HONG KONG PROTESTS
The streets of Hong Kong have been consumed by chaos and destruction since the anti-government movement sprang into life in June. Hard-core protesters have locked horns with riot police and those with opposing political views in often violent clashes.
The spiralling crisis, sparked by the now-withdrawn extradition bill, has also seen the transport system paralysed and businesses with mainland China links attacked, while the government continues to refuse to cede to all five demands from protesters. Meanwhile, the campaign juggernaut can still draw hundreds of thousands of peaceful marchers, six months after the first mass display of defiance.
The protests claimed the first known fatality when a university student succumbed to his injuries after falling from a car park near the site of a police dispersal operation. A vocational student was shot by police with a live round at point-blank range while across town on the same day a man was set ablaze following a heated argument with pro-democracy protesters.
By the first week of December, police had fired over 10,000 canisters of tear gas at protesters along with more than 4,000 rounds of rubber bullets and more than a dozen live rounds. Some 5,000 arrests have been made. Meanwhile, numerous projectiles have been hurled at police, including corrosive liquid and at least 350 petrol bombs.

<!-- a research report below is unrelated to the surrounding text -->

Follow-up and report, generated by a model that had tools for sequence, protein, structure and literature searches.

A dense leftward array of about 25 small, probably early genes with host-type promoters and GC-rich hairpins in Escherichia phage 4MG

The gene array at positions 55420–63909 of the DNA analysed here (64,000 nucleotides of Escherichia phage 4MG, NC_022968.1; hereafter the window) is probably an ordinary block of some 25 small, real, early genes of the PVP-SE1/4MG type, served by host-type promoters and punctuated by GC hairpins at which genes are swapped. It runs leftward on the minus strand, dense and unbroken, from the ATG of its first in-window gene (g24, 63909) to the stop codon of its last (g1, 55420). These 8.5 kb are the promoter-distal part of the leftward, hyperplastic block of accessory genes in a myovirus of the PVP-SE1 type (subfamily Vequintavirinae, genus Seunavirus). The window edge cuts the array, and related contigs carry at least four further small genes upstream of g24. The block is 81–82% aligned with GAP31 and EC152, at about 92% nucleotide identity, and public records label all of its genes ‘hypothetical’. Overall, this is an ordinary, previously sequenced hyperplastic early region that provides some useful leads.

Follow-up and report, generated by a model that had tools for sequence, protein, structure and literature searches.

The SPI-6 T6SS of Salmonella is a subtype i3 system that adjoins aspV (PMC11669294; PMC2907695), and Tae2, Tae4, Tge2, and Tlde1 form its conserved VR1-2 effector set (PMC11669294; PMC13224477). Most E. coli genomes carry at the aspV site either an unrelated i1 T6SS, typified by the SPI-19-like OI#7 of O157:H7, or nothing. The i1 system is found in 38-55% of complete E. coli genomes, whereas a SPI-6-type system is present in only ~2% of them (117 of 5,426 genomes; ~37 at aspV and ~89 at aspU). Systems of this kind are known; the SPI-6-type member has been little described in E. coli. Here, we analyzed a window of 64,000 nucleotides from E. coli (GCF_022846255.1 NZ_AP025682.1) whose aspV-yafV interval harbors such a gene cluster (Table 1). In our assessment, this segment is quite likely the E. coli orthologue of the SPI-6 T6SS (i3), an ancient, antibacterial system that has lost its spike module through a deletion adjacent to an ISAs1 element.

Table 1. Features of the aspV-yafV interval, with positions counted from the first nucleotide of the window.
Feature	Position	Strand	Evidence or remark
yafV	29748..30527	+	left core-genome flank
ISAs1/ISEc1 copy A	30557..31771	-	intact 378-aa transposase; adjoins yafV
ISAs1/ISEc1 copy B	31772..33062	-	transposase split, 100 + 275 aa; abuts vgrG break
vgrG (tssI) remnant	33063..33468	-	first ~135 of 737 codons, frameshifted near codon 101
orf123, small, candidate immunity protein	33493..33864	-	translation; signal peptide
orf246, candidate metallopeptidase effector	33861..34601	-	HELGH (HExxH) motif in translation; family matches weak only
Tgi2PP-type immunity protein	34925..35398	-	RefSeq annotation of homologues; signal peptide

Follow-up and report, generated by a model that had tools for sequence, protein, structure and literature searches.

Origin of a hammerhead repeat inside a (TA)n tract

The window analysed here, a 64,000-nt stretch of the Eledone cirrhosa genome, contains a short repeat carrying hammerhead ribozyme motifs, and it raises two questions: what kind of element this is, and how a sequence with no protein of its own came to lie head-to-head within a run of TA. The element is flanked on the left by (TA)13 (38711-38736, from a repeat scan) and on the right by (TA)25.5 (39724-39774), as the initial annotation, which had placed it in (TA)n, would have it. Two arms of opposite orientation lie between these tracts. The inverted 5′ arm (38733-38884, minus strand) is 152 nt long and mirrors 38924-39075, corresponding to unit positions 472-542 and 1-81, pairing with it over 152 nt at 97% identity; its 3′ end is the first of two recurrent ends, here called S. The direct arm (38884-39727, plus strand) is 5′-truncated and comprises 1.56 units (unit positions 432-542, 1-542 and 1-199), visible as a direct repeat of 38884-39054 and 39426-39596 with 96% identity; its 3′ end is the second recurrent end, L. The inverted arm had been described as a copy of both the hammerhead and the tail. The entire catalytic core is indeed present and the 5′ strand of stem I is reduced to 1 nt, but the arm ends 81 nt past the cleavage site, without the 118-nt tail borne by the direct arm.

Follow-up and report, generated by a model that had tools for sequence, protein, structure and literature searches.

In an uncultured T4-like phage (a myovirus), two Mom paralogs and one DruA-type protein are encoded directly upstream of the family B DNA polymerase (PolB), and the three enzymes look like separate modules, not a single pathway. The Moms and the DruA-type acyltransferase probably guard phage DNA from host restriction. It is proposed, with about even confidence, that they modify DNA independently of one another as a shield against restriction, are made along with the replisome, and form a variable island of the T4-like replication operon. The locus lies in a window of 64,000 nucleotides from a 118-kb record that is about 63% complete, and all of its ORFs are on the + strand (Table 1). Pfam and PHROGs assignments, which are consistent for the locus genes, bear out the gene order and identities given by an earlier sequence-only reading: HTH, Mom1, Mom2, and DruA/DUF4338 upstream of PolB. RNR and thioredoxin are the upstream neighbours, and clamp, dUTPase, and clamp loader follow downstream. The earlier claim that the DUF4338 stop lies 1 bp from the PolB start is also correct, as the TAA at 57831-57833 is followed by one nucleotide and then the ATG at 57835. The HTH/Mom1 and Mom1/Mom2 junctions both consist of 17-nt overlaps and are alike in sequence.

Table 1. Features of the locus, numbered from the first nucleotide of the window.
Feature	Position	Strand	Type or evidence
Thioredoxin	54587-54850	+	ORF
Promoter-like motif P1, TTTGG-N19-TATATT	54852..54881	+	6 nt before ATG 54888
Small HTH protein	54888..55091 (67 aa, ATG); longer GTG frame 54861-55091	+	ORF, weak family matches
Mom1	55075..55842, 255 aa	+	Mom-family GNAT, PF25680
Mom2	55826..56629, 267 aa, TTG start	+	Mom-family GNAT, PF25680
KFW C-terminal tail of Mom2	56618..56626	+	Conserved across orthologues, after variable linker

The first police-approved march and rally from the Civil Human Rights Front since August drew hundreds of thousands to the streets. It followed a relatively peaceful start to December in the wake of the pro-democracy camp's surge in the polls on November 24.
There were two weeks of relative calm towards the end of November when the district council elections took centre stage and the pan-democracy camp swept to a landslide victory. This was in stark contrast to the beginning of the month when a fresh round of outrage, protests and violence was sparked by the news that university undergraduate Chow Tsz-lok had died after falling from a car park, near to confrontations between police and protesters.
On October 1, China’s 70th National Day celebrations were overshadowed by shocking unrest unfolding in Hong Kong. A schoolboy was shot in the chest with a live round and 1,400 rounds of tear gas were deployed by police to disperse crowds. Protesters were banned from wearing face masks, triggering a fresh wave of violence.
At least 42mm of street railings were taken apart during the first four months of anti-government protests. Protesters take railings from the pavement, secure them with cable ties and use them as roadblocks.
Carrie Lam announced the formal withdrawal of the anti-extradition bill following three months of clashes between protesters and police. The number of clashes reduced slightly but violence intensified as disruptions continued throughout the city.
One of the most violent months of this year’s protests, August saw a general strike and police firing live rounds for the first time. There was major disruption to the MTR network and airport with over 1,000 flights cancelled as protesters descend on the world travel hub.
Protesters stormed the Legislative Council complex, clashes spread over the harbour to Kowloon and riot police clashed with protesters inside a shopping mall as the summer of discontent continued. In Yuen Long a group of masked white-clad men wielding iron and wooden bars attacked protesters, journalists and passengers inside the MTR station, injuring at least 45.
This month’s protests had the highest attendances. The marches were generally peaceful but often became violent after they had finished.
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